Texting While Driving Worse Than Drinking, Study Shows
March 13, 2013

Texting While Driving Worse Than Drinking, Study Shows

Lee Rannals for redOrbit.com — Your Universe Online

Scientists reported in the journal Traffic Injury Prevention texting while driving is just as dangerous as driving drunk while being twice over the legal limit.

Researchers from various universities compared the effects of mobile use while driving with the effects of alcohol using a simulation. They found using a hands-free kit or sending a text message is the same as driving above the legal alcohol limit.

The team measured the reaction capacity behind the wheel of twelve healthy volunteers who participated in a driving simulation test lasting two days. Participants in the study either used a mobile phone while driving or consumed alcohol beforehand. Habitual drinkers, and those who had never consumed alcohol before, were not allowed to participate in the test.

During the simulation, the researchers ensured that participants kept their proper position in the center of the left lane on the screen, and that they maintained a speed of between 37- and 50-mph. Participants who were using the mobile phone wore headphones and a microphone to simulate the hands-free effect, while the drunk participants had a blood alcohol level (BAC) that was above the legal limit.

The scientists found when the conversation using the hands-free was simple, it had an effect on the driver comparable to a BAC level well below the legal limit, 0.8 g/l. However, when the conversation required more attention, they drove with the skill of someone who was just a point away from getting a DUI, at 0.7 g/l. When the participants texted with their phone, rather than used the handset for calls, they drove with a comparable BAC at 1.0 g/l.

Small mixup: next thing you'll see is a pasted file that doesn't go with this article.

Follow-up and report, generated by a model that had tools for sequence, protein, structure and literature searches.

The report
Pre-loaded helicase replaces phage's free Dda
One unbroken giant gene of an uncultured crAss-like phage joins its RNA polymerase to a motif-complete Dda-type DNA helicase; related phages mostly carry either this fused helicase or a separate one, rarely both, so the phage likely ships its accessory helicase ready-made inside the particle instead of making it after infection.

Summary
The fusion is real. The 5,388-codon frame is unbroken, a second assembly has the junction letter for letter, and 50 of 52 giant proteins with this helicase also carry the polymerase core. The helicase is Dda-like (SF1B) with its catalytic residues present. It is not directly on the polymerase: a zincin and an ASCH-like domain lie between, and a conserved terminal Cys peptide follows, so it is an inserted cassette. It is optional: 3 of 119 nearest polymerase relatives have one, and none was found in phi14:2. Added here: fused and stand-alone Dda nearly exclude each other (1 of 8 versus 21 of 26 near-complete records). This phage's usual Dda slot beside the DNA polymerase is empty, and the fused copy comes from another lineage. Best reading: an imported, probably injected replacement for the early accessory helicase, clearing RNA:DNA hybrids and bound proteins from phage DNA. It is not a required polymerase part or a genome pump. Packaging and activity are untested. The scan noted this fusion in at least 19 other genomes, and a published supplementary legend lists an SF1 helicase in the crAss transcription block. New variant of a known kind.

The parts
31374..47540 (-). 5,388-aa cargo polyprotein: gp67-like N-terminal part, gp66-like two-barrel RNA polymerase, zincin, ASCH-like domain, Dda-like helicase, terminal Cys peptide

"Our results suggest that the use of handsfree devices could also put drivers at risk," said Sumie Leung Shuk Man, co-author of the study. "Although they should be allowed, they require more research to determine how they should be regulated and, of course, the thorough knowledge that national authorities should have regarding their pros and cons."

Companies are pushing for the development of new technology to keep people from texting while driving. AT&T announced last August it would be challenging device makers to work with smartphones to include pre-loaded, no-text-and-drive software solutions. The company also kicked off its "It Can Wait" campaign, urging drivers to sign a pledge to not text and drive anymore.

There is also an application for iPhones and Android phones that helps to keep distracted drivers from using their phone. The Canary Project costs $9.99 for a lifetime subscription that includes up to 10 smartphones. The app sends the subscriber alerts about a driver's smartphone use on the road, so parents can know whether their teen is texting while driving. Canary also alerts parents when a child violates a curfew or travels into areas that are "off limits."